A dental injury of any kind can be alarming, but taking quick action can make all the difference to the integrity of your tooth. That’s especially true if you fall, are struck, or bite down on something hard and suffer a chip.
Chipped teeth are not unusual. While enamel is hard, it can chip if it’s exposed to some type of pressure. Trauma, too, can have a similar effect. Here’s everything you need to know about what might lead to a chipped tooth and what to do if it happens to you.
What Causes Chipped Teeth?
Your teeth can chip for a number of reasons. Although enamel is one of the body’s strongest substances (and is even considered on equal footing with steel), there are quite a few culprits that can cause it to lose its integrity. Once that happens and the enamel weakens, chips are far more likely to occur.
Among the primary reasons for weakened tooth enamel is wear due to acid exposure. Acids exist in all sorts of common foods and drinks, from tomatoes to wine to fruit juices. The plaque that builds up on the teeth from consumption of sugars and carbohydrates is another culprit that causes enamel to break down.
Even poor nutrition can affect the condition of the teeth. Consuming too much sugar, whether it’s via beverages or foods, not only increases the chances of developing gum disease but also causes enamel erosion. Once this degradation occurs, the teeth lose their inherent strength and become more vulnerable to issues like cracking and chipping.
Medically known as bruxism, teeth grinding is a common habit that reportedly affects some 30% of adults. Approximately 15% of people grind their teeth when they’re sleeping, too. The habit can develop for many reasons, including stress, snoring, and sleep apnea. Because grinding results in repetitive stress on specific areas of your teeth, it can cause wear and tear that eventually makes the teeth more susceptible to chipping.
There are many ways a person’s mouth may suffer an injury. You might trip and fall, for example, and your teeth may take the brunt of the damage. Getting into an accident could also cause a similar issue. These kinds of injuries can result in an immediate chipped tooth. That’s why, if you play sports, it’s important to wear a mouth guard whether you’re practicing or playing competitively.
Which Teeth Most Commonly Chip?
Although any tooth can chip, especially if it’s already predisposed to damage due to weakness, the lower molars are particularly vulnerable. That’s because they are frequently under pressure when you chew food. The front teeth are also at risk, as they’re the first to get struck in the event of an accident or injury.
If you have a filling, that tooth is automatically more vulnerable than one that is completely intact. While the filling itself does restore the tooth’s overall integrity, making it easier for you to eat and restoring its look, it doesn’t replace integral strength. Once a tooth is filled, it’s more vulnerable to chips.
How Can You Tell Your Tooth Is Chipped?
Sometimes the signs of a chip are very clear. In those cases, you may be aware of the damage because you experienced some type of injury, or because you can see the chip very clearly. In instances where the damage isn’t visible or clear to you, however, these are some symptoms that might indicate a possible chipped tooth:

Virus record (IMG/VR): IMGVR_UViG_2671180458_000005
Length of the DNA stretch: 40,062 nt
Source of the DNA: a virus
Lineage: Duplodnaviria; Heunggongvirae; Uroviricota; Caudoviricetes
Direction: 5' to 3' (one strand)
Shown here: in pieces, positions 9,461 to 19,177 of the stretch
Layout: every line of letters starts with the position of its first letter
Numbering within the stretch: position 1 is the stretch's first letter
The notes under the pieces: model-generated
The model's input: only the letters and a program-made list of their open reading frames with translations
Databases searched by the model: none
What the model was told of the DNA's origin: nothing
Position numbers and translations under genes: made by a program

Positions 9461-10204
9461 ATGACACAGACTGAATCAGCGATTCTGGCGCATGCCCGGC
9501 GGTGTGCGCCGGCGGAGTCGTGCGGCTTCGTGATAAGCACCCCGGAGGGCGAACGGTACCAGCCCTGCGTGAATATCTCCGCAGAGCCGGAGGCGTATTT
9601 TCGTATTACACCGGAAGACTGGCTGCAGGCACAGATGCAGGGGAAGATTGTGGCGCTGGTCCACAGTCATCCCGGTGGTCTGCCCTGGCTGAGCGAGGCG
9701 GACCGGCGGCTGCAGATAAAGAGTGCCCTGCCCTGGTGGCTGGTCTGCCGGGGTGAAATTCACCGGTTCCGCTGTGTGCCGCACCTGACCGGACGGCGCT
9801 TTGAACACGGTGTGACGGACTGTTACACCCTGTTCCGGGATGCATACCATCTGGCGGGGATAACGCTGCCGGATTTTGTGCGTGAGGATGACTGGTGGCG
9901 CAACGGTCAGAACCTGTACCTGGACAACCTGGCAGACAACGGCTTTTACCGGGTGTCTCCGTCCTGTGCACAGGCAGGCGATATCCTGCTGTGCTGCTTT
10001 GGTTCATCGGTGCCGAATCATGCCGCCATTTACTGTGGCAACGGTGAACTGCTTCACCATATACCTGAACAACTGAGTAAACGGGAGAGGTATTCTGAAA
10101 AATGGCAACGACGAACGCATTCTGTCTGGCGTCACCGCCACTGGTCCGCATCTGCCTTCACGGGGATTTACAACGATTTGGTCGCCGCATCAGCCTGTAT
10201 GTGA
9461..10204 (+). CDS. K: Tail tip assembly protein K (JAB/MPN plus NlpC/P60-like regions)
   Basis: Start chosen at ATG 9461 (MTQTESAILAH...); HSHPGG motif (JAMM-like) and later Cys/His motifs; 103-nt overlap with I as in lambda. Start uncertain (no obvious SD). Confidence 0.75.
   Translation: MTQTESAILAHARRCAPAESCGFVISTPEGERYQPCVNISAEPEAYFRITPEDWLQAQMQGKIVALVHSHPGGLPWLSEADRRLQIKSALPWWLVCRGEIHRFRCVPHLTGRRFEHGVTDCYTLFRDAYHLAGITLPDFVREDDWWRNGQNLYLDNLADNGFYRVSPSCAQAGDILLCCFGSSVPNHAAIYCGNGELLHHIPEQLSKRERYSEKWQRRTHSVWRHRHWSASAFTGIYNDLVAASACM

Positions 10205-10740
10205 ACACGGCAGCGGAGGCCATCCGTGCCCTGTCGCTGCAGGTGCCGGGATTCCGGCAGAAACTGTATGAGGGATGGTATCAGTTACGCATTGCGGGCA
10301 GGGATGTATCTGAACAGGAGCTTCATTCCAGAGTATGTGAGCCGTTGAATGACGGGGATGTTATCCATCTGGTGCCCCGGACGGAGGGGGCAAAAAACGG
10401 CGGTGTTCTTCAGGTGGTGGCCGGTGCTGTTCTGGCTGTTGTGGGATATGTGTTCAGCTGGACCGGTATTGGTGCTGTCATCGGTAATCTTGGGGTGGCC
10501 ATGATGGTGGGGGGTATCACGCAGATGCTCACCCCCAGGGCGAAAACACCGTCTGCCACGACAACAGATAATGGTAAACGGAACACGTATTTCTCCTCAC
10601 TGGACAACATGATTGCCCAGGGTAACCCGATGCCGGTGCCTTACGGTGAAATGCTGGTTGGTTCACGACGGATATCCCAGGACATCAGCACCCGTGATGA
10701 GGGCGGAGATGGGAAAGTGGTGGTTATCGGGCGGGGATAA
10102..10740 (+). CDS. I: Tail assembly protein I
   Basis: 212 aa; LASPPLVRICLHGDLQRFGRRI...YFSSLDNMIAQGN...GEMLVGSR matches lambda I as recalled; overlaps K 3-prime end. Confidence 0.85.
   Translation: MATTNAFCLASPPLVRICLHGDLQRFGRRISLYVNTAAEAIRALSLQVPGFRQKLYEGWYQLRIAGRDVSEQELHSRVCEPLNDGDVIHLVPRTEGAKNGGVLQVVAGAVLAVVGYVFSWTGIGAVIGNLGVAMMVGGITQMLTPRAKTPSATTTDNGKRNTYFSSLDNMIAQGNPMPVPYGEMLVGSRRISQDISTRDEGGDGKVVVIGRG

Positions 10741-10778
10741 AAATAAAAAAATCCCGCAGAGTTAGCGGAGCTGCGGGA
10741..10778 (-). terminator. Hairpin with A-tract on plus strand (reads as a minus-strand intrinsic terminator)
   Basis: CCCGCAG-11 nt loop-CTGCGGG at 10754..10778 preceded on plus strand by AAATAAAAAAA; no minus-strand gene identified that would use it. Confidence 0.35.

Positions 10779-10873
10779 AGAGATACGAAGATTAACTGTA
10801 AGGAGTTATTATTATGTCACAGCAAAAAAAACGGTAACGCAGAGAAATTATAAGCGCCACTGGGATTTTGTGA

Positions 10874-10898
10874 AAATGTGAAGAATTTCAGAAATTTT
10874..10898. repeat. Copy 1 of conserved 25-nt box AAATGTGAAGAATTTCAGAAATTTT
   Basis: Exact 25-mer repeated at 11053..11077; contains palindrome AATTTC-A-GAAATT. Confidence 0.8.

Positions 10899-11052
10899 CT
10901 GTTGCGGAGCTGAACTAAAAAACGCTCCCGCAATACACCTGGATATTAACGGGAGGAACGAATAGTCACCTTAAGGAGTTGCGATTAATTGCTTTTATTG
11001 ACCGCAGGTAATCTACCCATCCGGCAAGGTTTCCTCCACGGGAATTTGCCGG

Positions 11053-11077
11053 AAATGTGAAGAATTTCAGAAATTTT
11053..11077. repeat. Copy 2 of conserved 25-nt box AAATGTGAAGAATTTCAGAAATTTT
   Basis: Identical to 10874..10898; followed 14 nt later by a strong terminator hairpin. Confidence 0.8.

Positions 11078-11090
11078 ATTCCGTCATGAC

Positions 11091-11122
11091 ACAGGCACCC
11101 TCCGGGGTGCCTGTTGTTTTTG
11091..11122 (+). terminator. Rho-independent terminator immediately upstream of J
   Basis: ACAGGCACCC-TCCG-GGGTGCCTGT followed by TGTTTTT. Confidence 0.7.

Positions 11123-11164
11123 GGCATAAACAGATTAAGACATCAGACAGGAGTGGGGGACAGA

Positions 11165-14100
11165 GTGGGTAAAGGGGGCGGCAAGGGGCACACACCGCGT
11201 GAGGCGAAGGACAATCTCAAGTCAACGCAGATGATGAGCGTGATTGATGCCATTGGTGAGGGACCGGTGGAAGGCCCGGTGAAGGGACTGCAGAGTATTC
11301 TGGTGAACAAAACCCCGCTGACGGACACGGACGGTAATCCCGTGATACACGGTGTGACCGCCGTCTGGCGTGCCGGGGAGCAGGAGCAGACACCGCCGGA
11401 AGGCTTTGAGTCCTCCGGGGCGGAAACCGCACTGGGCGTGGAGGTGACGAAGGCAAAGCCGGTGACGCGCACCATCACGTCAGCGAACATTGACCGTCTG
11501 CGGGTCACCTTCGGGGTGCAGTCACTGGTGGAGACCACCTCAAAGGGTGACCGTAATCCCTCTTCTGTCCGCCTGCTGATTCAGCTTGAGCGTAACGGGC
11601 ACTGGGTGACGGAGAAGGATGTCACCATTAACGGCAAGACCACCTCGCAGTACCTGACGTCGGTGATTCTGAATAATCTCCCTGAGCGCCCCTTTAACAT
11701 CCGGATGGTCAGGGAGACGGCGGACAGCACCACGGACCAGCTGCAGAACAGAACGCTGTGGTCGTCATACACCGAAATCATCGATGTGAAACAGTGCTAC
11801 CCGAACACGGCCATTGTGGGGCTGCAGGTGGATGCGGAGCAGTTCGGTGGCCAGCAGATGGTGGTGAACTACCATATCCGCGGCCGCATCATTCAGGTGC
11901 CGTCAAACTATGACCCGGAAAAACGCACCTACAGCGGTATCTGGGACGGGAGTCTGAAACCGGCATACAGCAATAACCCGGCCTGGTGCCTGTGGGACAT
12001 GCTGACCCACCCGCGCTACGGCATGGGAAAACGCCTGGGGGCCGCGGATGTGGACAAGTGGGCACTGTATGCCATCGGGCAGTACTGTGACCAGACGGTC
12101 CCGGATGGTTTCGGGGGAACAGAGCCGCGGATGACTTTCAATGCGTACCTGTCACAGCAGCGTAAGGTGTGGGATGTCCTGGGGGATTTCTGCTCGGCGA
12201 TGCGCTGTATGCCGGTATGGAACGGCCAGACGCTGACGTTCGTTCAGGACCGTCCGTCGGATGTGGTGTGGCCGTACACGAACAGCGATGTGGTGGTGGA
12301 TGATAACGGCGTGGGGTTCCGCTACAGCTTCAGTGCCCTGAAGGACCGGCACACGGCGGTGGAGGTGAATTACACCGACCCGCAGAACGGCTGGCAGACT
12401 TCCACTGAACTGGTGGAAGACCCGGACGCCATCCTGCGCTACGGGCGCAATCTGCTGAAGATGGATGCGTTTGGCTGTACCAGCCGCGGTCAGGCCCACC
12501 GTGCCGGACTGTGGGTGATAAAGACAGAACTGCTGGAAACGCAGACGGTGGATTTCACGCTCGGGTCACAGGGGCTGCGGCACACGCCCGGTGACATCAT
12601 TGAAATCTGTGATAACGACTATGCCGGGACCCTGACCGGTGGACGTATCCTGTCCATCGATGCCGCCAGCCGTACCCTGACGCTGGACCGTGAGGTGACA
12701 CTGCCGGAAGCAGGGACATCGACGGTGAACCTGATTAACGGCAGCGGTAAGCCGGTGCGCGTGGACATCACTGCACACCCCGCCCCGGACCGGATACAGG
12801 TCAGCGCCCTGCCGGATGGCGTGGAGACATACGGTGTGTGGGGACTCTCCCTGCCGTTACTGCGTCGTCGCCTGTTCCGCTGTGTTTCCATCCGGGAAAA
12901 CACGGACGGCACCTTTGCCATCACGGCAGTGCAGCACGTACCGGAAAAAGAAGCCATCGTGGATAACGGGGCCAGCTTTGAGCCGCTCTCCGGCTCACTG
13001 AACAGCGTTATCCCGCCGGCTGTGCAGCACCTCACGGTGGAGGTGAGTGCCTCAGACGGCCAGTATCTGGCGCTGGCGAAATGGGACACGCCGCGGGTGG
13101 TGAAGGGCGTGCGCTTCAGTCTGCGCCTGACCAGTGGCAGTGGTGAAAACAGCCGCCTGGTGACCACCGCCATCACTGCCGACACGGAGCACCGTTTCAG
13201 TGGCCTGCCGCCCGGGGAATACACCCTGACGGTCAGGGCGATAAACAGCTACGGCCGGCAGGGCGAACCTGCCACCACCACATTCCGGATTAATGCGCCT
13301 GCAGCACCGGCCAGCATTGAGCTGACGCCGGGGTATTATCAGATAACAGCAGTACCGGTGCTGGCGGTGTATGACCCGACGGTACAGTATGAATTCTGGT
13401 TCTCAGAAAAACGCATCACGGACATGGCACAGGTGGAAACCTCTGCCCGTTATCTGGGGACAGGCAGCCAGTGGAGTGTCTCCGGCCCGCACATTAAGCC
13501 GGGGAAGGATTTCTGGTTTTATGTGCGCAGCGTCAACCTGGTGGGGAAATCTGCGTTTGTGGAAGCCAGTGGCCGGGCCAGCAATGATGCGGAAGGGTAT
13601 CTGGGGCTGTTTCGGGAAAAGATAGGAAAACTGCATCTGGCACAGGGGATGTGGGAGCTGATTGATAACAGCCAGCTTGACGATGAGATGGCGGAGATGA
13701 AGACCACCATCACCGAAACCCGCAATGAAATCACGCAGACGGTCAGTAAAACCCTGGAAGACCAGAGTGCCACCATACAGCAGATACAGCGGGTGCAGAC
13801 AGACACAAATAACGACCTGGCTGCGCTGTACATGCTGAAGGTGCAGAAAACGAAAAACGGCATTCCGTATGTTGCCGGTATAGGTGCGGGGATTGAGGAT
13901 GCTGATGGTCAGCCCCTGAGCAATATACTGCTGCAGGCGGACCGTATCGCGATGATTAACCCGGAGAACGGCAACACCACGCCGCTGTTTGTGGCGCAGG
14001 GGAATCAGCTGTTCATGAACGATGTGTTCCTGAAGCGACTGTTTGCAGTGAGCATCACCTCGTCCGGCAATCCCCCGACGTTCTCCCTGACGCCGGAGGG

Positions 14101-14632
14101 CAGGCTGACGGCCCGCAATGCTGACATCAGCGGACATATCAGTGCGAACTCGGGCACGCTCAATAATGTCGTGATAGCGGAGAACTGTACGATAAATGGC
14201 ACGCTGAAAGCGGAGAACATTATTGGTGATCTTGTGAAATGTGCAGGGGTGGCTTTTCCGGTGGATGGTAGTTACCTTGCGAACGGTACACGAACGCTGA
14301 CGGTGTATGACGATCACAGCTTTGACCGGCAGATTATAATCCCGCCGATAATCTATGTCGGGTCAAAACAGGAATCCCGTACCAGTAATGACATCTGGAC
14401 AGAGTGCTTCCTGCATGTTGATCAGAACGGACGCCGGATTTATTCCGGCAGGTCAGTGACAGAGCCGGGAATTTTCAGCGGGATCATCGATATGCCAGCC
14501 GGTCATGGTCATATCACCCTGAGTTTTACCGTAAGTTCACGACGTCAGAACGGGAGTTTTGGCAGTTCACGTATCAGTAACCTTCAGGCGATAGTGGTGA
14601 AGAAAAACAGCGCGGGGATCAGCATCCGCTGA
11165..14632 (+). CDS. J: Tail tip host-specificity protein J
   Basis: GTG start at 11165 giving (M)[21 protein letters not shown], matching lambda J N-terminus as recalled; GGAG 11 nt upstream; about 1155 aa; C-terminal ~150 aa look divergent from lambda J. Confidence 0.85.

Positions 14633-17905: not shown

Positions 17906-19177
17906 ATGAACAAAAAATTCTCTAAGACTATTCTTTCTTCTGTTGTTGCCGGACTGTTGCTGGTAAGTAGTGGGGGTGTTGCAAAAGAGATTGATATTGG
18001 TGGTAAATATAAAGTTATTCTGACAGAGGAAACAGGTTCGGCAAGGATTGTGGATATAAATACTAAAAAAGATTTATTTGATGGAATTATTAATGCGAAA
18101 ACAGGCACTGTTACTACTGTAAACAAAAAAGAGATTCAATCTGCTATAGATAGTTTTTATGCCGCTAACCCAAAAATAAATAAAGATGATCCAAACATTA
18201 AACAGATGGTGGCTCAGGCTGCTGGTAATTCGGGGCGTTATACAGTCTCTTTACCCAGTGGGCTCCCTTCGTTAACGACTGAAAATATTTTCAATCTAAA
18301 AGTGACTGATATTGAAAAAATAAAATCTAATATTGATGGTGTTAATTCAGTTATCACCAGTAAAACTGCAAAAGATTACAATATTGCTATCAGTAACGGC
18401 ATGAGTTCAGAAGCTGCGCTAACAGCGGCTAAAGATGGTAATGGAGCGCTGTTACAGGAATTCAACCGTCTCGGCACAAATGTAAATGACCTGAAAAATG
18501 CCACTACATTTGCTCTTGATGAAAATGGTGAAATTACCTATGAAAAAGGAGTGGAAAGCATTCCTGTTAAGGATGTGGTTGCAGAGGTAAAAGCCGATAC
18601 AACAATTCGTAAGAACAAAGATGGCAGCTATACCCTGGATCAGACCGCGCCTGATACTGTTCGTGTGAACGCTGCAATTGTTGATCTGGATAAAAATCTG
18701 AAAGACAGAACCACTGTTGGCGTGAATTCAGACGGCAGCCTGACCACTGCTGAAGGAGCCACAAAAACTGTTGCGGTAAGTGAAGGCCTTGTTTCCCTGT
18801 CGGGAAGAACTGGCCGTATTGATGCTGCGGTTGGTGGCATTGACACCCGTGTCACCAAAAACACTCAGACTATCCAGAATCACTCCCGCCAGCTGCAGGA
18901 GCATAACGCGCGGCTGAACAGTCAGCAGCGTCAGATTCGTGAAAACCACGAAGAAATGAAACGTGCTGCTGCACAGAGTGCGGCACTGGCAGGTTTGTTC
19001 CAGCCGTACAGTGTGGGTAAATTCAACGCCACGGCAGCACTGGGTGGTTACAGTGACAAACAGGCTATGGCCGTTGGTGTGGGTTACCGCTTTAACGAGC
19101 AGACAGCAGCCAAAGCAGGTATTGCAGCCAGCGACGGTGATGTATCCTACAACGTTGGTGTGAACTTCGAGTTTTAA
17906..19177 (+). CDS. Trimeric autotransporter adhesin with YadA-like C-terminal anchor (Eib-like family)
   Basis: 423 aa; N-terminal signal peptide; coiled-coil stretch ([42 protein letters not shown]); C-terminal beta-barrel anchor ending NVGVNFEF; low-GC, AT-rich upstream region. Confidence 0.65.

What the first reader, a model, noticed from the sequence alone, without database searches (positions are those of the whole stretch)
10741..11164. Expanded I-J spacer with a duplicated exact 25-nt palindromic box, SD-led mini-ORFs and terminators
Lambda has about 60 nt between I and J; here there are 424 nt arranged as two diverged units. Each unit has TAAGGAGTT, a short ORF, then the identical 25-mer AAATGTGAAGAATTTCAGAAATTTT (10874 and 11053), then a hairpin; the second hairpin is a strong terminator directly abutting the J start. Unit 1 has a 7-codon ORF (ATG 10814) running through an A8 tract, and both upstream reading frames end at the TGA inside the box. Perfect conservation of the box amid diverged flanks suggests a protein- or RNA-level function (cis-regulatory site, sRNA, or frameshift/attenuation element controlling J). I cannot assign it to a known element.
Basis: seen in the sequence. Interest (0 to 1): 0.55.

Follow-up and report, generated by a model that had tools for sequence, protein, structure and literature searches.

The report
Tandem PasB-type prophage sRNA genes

- Sudden increased sensitivity to extreme temperatures
- Sensitivity to sweet or sour foods
- Surges of pain when you chew
- Discomfort on your gum or tongue in the vicinity of the chipped tooth
- Uneven sensation on a particular tooth
What Should You Do If a Tooth Is Chipped?
The first step is to contact your dentist, who will determine the appropriate course of action once they’ve performed a comprehensive examination and taken X-rays of the affected tooth. Here are some potential solutions:
One of the most common options, bonding involves applying a filling-like resin to the tooth, then sculpting the tooth in an effort to restore its original silhouette and appearance. Usually, this is best reserved for teeth other than your molars, as bonding teeth are typically weaker.
A crown may be a suitable solution if the chip is significant. In this case, your dentist will take an impression of your tooth, remove a little bit of enamel from it, and create the porcelain crown piece to match your tooth’s exact shade.
Very small chips might not require a complete crown. Instead, an onlay may be the more suitable choice. It’s a small subsection of the tooth that essentially fills the gap to make your chipped tooth whole again.
To perfect the appearance of a chipped tooth, you might consider veneers. These restorations are basically “caps” that fit onto the front of your damaged tooth, serving as a concealer for damage. It’s best for cosmetic restorations, especially when the affected tooth is not otherwise physically or structurally damaged or weak.
Chipped Tooth Restoration at Contemporary Endodontics of Oklahoma
If you’re concerned about a chip in your tooth, trust in the team at Contemporary Endodontics of Oklahoma to resolve it. Our goal is to restore your confidence in your smile and ensure that your teeth never hurt — and that begins with a comprehensive exam to determine the most suitable treatment for your chip. Visit our website to learn more about our cracked tooth restoration services, or call 405-285-5042 to schedule an appointment.